Darkness is too much for the ones trapped.
Silence is compounded
Every sound is magnified.
Heartbeats become thunderclaps.
And all they can see are two orbs of jaundiced gold,
Staring at them out of the ebony veil.
No sound, just those two orbs
Piercing, probing, penetrating, petrifying.
Suddenly a scream shatters the darkness
And then another scream and another and another.
A new color pierces the black.
Splotches and splashes and spills of viscous crimson.
Shadows of limbs soaring.
The crashing of objects
The wails of the dead.
Then once again silence.
--Adrian English

Monday, November 09, 2009

Fighting the Daily Details

I just watched the garbage men fight with our large, broken plastic chairmat that Steve wore out wheeling his chair between his desk and computer table. My relief at seeing the old one disappear into the mouth of the garbage truck was based on the trials involved in getting the new one in and the old one out.

Wednesday night I told Steve that I'd picked up his new chairmat at the office furniture store from which I'd special-ordered it. I'd left it in my car because after seeing the hefty salesman fight to get it into my car, I knew I couldn't handle it alone.

Thursday morning at 7:15, I heard noises from the garage and then he came stumbling in with that enormous, heavy, studded plastic mat. It's only 5 x 6 feet, but the weight and awkwardness makes it a challenge to handle. We had to use towels to hold onto it because the studs are so sharp. We got it up the stairs and I couldn't help but wonder what prompted him to start this project 15 minutes before leaving for his 8 a.m. class. Fortunately for us both, I didn't verbalize those thoughts.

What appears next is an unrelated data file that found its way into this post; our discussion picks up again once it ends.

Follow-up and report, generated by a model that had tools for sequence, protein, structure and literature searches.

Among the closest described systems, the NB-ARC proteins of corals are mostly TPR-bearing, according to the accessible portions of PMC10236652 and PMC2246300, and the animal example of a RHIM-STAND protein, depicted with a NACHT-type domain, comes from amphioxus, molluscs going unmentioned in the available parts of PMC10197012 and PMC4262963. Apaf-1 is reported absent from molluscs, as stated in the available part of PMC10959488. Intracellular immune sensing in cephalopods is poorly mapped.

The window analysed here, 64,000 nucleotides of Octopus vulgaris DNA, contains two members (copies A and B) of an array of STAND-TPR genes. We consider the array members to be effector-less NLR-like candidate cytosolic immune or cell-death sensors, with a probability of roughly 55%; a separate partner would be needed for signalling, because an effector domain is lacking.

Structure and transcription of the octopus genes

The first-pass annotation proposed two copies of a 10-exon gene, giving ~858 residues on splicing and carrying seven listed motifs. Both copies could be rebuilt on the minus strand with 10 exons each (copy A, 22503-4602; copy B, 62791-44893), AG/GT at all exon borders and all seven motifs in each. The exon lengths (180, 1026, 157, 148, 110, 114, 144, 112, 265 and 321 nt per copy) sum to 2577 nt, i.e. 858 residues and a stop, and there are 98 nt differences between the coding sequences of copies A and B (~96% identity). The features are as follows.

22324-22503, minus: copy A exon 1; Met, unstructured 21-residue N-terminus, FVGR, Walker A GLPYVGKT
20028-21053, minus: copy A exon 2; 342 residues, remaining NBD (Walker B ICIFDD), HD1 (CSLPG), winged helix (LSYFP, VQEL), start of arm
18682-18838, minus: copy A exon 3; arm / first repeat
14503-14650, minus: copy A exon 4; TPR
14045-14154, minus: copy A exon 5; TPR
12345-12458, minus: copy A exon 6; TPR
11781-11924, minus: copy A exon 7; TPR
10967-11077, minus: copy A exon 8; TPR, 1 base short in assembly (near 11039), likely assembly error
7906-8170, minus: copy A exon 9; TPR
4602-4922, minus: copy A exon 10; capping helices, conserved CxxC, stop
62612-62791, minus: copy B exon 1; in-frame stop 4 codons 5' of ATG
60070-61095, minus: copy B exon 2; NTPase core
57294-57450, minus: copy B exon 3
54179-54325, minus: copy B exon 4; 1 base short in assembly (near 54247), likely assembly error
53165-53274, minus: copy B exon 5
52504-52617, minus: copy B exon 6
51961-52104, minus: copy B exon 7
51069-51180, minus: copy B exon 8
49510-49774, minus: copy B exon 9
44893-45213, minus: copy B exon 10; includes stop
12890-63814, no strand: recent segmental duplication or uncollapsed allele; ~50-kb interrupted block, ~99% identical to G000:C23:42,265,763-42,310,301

We had to move his massive desk off the old chairpad--not an easy task. I couldn't budge my end even an inch, but Steve's weight-lifting paid off as he was able to scoot it off. Then I lifted the leg of the computer table so he could pull the old pad the rest of the way out.

Somehow, in getting the old pad out, he managed for the studs to cut his knee without tearing his khakis. How? I have no idea. My own knees were only bruised from the battle. He shot from the room, shouting, "I can't do this! I've hurt my knee and I've got to take care of it before I get blood on my pants!"

He tore through various closets, drawers, and medicine cabinets looking for enough gauze to staunch the blood oozing down his leg. A mere Band-Aid would be like the legendary finger in the hole in the dyke. He finally got it wrapped to his satisfaction, apologetically leaving a trail of clutter behind.

When he returned to the office to get his school bag, I timidly asked if he would lift the computer table so I could slide the mat under it. "Not now!" he said, "Maybe not ever! I can't do ANYTHING like this! We have to remember to hire someone to do every single little thing around here. Hire someone to get the old one out. I'm not touching it again!" With a quick kiss, he was gone, barely in time to make it to class.

So I managed to get it under the computer table, but the desk stayed where it was. At least the mat was flat and in place. And, even more clumsily, I dragged the old one to the window by his computer. Grateful for the tall windows easily cranked open, I dragged it over the sill and let it fall to the ground. Later I dragged it to the side of the house until garbage pickup today.